The Politics of Personalism
By Brendan Kibbee (City University of New York)
*This article also appears in SEM Student News 14.2, Fall/Winter 2018.
As we engage with the world as scholars concerned with music and its political effects, it is important that we not only consider what we think and say, but just as importantly, who we engage and express ourselves with, and how we think and express ourselves with others. Doing so might enable us to establish new repertoires of social action in our personal and professional lives and new ways of creating knowledge in the world. As I have been processing my experiences doing fieldwork in a crowded, working-class neighborhood in Dakar, Senegal, over the past few years, and as I have begun to think about what I hope to achieve with my work, I have become increasingly drawn to an idea of “personalism” as it manifests in the postcolonial city.
The common academic use of “personalism” in West African politics often has a negative connotation. In Paulla Ebron’s (2002) Performing Africa, for example, a “personalistic economy” is an arrangement where praise singers (griots) affix themselves to wealthy patrons, creating a mutually-dependent situation where one must praise the other to earn their livelihood, and the other must pay to maintain their reputation. “Personal,” here, is a reliance on individuals rather than larger entities. For whatever positives personalism brings, it is also seen as the source of clientelism—it is individual patrons, and not broader communities or corporate and state bureaucracies, that are the sources of the praise singer’s income; important people build their profile through individual griots, more so than through objective measures of achievement or transparent reporting from neutral sources.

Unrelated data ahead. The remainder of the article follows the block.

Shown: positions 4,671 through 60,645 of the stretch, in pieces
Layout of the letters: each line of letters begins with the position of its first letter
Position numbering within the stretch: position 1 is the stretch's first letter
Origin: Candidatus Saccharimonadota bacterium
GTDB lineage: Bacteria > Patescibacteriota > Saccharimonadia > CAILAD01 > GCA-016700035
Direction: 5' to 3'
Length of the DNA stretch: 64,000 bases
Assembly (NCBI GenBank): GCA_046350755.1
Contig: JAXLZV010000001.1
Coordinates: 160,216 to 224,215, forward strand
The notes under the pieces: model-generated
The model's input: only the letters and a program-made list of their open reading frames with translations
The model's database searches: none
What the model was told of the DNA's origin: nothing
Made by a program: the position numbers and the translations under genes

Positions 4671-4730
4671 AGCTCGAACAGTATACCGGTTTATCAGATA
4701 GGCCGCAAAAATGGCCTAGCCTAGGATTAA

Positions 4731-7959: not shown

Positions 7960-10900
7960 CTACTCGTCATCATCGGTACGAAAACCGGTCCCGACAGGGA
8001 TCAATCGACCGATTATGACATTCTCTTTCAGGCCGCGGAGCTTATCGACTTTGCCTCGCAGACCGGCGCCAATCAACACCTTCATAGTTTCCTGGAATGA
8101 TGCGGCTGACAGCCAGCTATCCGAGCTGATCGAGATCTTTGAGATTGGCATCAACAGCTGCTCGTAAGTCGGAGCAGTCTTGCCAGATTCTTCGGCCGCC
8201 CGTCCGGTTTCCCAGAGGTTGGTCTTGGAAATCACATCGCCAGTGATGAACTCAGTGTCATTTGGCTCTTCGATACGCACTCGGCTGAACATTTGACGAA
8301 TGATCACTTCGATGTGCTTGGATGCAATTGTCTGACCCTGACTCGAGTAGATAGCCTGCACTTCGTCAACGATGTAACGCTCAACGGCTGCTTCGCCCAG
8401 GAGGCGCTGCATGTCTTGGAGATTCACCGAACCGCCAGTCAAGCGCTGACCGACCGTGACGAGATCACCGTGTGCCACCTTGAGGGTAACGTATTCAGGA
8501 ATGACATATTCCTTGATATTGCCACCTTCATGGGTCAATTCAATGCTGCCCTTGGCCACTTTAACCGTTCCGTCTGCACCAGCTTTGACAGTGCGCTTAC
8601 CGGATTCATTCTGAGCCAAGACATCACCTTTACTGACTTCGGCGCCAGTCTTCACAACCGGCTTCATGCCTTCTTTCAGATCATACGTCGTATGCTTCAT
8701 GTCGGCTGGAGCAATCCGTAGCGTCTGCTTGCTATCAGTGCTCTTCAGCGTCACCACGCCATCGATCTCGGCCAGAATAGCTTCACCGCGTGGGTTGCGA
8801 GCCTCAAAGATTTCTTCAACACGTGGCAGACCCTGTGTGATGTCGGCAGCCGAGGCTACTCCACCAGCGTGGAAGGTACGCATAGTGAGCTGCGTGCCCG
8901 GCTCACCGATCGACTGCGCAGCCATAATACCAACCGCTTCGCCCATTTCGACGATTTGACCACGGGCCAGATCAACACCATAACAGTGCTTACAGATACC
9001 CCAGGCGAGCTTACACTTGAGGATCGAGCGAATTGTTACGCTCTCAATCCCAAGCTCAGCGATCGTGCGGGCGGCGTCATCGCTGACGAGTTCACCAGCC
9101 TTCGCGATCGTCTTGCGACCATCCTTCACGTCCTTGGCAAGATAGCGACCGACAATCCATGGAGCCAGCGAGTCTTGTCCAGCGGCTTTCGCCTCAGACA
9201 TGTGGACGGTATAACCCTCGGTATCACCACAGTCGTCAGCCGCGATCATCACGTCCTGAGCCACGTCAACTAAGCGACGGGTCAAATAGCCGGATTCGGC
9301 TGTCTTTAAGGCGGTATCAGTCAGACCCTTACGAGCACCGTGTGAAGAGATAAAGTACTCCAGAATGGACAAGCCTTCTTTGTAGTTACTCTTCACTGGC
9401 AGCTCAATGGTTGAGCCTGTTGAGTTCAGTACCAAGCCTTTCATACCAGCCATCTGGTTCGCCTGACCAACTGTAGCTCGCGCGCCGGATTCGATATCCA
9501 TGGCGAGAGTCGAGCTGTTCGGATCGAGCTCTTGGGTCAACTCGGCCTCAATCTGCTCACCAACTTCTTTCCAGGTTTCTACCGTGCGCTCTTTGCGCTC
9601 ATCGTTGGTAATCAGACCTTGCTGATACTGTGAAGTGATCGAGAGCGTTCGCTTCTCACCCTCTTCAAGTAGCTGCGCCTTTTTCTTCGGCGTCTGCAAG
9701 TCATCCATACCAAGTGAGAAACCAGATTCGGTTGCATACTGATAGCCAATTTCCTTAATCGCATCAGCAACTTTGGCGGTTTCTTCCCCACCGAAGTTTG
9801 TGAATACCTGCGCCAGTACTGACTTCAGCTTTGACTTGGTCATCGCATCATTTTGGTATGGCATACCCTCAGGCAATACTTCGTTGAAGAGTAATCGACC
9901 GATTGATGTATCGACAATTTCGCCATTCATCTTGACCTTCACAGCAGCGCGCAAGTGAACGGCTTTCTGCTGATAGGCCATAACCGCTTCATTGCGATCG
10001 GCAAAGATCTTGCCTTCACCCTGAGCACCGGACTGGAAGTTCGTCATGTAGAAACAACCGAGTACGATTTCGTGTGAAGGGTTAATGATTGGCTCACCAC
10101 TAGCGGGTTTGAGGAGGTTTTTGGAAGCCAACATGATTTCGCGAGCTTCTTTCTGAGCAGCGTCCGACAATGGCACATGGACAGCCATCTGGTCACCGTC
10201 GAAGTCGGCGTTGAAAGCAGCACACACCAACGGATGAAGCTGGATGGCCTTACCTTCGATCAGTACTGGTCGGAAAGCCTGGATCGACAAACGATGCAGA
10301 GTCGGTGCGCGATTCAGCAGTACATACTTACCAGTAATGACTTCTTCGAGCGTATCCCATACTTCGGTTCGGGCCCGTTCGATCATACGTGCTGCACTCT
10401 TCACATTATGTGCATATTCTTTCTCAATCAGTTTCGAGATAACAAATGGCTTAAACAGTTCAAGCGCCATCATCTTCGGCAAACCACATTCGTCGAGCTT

But the griots that I have worked with in Dakar are at the heart of a different kind of personalism. Like the griots in Ebron’s work, these musicians and verbal artists remain involved in building public personalities, but instead of focusing narrowly on wealthy political patrons, they enliven social situations large and small, saturating events with praises and other positive messages. As people spend time together in spaces animated by griot praise and drumming, they are brought into relation with ever-expanding interpersonal networks in the city, and they seem to secure new relations with others to a surprising depth. Women belonging to a mutual aid association founded on the basis of neighborly proximity, for example, stated in interviews with me that without the drummers that enliven their monthly meetings, they would never have known each other. At massive street parties called tanebeers, griot genealogists go beyond reciting family trees by highlighting important connections between the families of individuals at an event.
This manifestation of personalism aligns with notions of solidarity and interdependence through which many Dakarois navigate precarious living situations in the city; if the uneven development of resources, infrastructure, and governance makes securing a livelihood an unstable endeavor, the ability to draw on personal connections with dozens or hundreds of neighbors can provide a degree of relief. The act of dancing together at a monthly meeting or the knowledge of how your family connects to an individual being praised can be a powerful component in the creation and deepening of these connections.